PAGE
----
On Tuesday, October 15th residents of Northport, WA gathered in the high school cafeteria for a town meeting. The meeting, arranged by the EPA, was to discuss the progress of the ongoing agreement between the EPA and Teck Resources to evaluate smelter-related pollution impacts of the area, which is being executed through Teck’s Upper Columbia River Remedial Investigation / Feasibility Study (RI/FS) and the EPA’s Human Health Risk Assessment (HHRA).
Robert Tan, the new EPA project manager of the Upper Columbia River Site Study, introduced himself and ran through a quick history of the project. Other EPA members took turns presenting powerpoint slides listing graphs and brief summaries of the results of the sampling and studies that Teck has conducted of the area, beginning in approx. 2012.
They highlighted the clean-ups they have conducted in the area. In 2014, because of the results of a 2012 Ecology study which found elevated levels of lead, arsenic and cadmium near the border, the EPA conducted soil sampling at 74 properties in the Northport area, finding very high lead levels at 17 properties and offered to remove the contaminated soil and replace it with clean soil. Under the RI/FS agreement, Teck performed those cleanups.
The theme of the meeting was the exciting announcement that Teck’s Remedial Investigation (RI) part of the RI/FS is coming to an end, which means the EPA’s Human Health Risk Assessment (HHRA) would soon be completed as well.
However, the information below, presented after the announcement of the RI and HHRA nearing completion, left the community feeling more concerned than excited.
Marc Stifelman, an EPA toxicologist and Human Health Risk Assessor, who is the project manager of our Human Health Risk Assessment, presented a quick and complex explanation of the levels of lead being a main concern to them, specifically since the EPA recently reduced the safety level of the parts per million (ppm) of lead down to 500 from 700. When asked if the medical history of the many residents sick with similar autoimmune diseases in the area would be utilized as part of the human health risk assessment the answer was no. When asked if the community would be provided blood lead level testing the answer was no, due to an issue with the last testing process producing many false positives.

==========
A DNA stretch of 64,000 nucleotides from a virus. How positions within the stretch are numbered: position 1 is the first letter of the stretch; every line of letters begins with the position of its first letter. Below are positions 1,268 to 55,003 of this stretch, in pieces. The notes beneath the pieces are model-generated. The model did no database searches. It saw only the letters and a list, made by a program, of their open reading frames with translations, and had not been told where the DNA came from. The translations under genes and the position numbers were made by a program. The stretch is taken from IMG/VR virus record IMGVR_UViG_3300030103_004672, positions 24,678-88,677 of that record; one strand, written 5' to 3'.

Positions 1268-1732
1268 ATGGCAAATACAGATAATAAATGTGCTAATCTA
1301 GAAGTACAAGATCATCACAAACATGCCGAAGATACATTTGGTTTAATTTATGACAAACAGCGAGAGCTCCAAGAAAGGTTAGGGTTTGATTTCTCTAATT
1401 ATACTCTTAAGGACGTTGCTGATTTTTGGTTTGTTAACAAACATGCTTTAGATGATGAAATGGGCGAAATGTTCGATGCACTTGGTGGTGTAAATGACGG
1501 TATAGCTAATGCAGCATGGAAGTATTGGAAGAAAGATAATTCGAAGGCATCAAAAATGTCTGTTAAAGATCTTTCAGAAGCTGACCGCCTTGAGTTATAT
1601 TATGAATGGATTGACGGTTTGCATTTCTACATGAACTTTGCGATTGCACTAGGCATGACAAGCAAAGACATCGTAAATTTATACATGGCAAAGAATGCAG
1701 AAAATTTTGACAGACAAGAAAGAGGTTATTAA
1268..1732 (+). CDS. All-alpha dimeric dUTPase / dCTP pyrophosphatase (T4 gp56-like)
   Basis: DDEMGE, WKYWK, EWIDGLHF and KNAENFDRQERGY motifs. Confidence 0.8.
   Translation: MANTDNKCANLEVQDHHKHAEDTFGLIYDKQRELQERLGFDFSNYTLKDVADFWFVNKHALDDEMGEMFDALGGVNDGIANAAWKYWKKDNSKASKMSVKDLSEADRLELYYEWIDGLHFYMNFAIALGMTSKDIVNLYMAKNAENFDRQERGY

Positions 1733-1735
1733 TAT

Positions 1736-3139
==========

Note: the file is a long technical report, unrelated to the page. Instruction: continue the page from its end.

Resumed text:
The biggest concern expressed by the community is the lack of current air monitoring of the area. In 2017, in response to the many concerns of Northport residents, the WA Department of Ecology’s Toxics Cleanup Programs asked their Air Quality Program specialists to evaluate air conditions and assess whether more air monitoring was needed. This analysis was based on existing air monitoring data collected by air monitors around Northport operated by Ecology from 1992 – 1998 and air monitors at Sheep Creek operated by Teck from 1993 – 2009. The 2017 evaluation concluded that current, ongoing air monitoring of the area is needed because of potential present day health risks.
Ecology shared the results of their analysis with the EPA and Teck Resources. Ecology stressed their belief that additional air monitoring is an important part of EPA and Teck’s agreement and associated remedial investigation and human health risk assessment. The Northeast Tri-County Health District also supports current monitoring to determine whether a public health risk is present. EPA officials, however, disagree that additional monitoring is needed. They believe, based on Teck’s additional improvements at the smelter over the years, the levels of the heavy metal toxins of concern in the air, (arsenic, cadmium and lead), that were above safety standards in the past, would now “likely” be lower.
Although the community is appreciative of the work that has been, and continues to be, done by the EPA and Teck Resources we are concerned with the large gaps of data that seem necessary to come to an accurate conclusion of both the Remedial Investigation and the Human Health Risk Assessment.